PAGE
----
2. Nuclear charge
If there are more protons, the greater the force of attraction between electrons and the nucleus.
3. Electron shielding
This due to the repulsion between the outer electron and the electrons held in the inner shells. The repulsion lessens the attraction between the outer electrons and the nucleus.
Successive Ionisation Energies
Here are the successive ionisation energies for nitrogen.
There’s a gradual increase in ionisation energy. For successive ionisations, the remaining electrons in the outer shell are pulled slightly closer to the nucleus – there’s a greater attraction between the outer electrons and the nucleus. Consequently, the ionisation energy gradually increases.
Once the 5 electrons in the outer shell are removed, the ionisation energy significantly increases. This is because all electrons in the outer shell have been removed and the 6th electron is removed from the next shell. This shell is closer to the nucleus – the electrons ‘feel’ the pull of the nucleus more and are subject to less repulsion (nucleus is less shielded). More energy is needed to ionise the next electron.
This massive increase in ionisation energy also gives us a clue to the element. Since it occurs for the removal of the 6th electron, the atom must have 5 electrons in the outer shell so must belong to Group 5 of the Periodic Table.
In Period 3, the first ionisation energy generally increases from left to right as atomic radius decreases - it becomes more difficult to remove an electron as the electron is held more tightly by the nucleus.
First Ionisation Energies of Period 3 Elements
However, there are certain exceptions to this trend, such as the significantly lower first ionization energy of aluminum compared to that of magnesium. These anomalies can be explained by considering the electron configuration of each element.
Magnesium: 1s2 2s2 2p6 3s2
Aluminium: 1s2 2s2 2p6 3s2 3p1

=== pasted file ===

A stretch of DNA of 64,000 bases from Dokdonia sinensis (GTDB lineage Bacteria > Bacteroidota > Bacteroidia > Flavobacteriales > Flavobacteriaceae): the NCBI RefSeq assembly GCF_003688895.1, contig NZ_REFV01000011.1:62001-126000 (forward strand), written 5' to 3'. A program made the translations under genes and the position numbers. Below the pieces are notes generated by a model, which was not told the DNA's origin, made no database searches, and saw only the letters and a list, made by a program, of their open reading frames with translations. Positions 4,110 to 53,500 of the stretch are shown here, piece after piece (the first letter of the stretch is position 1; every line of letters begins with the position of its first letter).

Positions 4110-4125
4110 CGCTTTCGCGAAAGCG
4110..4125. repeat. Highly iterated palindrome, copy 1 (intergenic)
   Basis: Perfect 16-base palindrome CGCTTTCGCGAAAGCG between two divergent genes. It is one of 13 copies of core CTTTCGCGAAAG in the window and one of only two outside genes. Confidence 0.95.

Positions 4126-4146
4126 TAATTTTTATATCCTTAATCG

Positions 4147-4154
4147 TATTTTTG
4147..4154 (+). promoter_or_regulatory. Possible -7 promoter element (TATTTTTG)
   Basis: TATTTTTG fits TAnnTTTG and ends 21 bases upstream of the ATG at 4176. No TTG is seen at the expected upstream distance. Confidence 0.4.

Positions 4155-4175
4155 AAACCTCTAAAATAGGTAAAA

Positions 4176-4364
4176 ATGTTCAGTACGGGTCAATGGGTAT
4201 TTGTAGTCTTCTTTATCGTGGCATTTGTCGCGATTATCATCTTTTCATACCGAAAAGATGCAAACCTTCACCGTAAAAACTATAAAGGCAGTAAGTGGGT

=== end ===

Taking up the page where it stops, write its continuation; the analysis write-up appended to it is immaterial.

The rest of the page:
Aluminium's outer electron is in a p orbital and is shielded by the other electrons in the sub-shell. This p sub-level is of higher energy than the s sub-level and so less energy is required to remove this electron.
Phosphorous: 1s2 2s2 2p6 3s2 3p3
Sulfur: 1s2 2s2 2p6 3s2 3p4
A p sub-level has 3 sub-shells which can hold 2 electrons in each sub-shell. In phosphorous, the electrons are unpaired with parallel spins. Sulfur has 4 electrons so one of them must pair in a sub shell. As electrons are both negative particles, there is electron-pair repulsion.and it's easier to remove the unpaired electron in phosphorous - less energy is required.
Ionisation energy generally decreases down group 2. This is because the atomic radius of the elements increases, which reduces the effective nuclear charge (the attraction between the positively charged nucleus and the negatively charged electrons). The outermost electrons are therefore held less tightly and require less energy to remove.
The second ionization energy, which is the energy required to remove a second electron from a singly charged ion, is significantly higher than the first ionization energy for all elements, due to the increased attraction between the remaining electrons and the now positively charged ion.
The specific pattern of successive ionisation energies provides evidence for the electron configuration in different sub-shells and shells.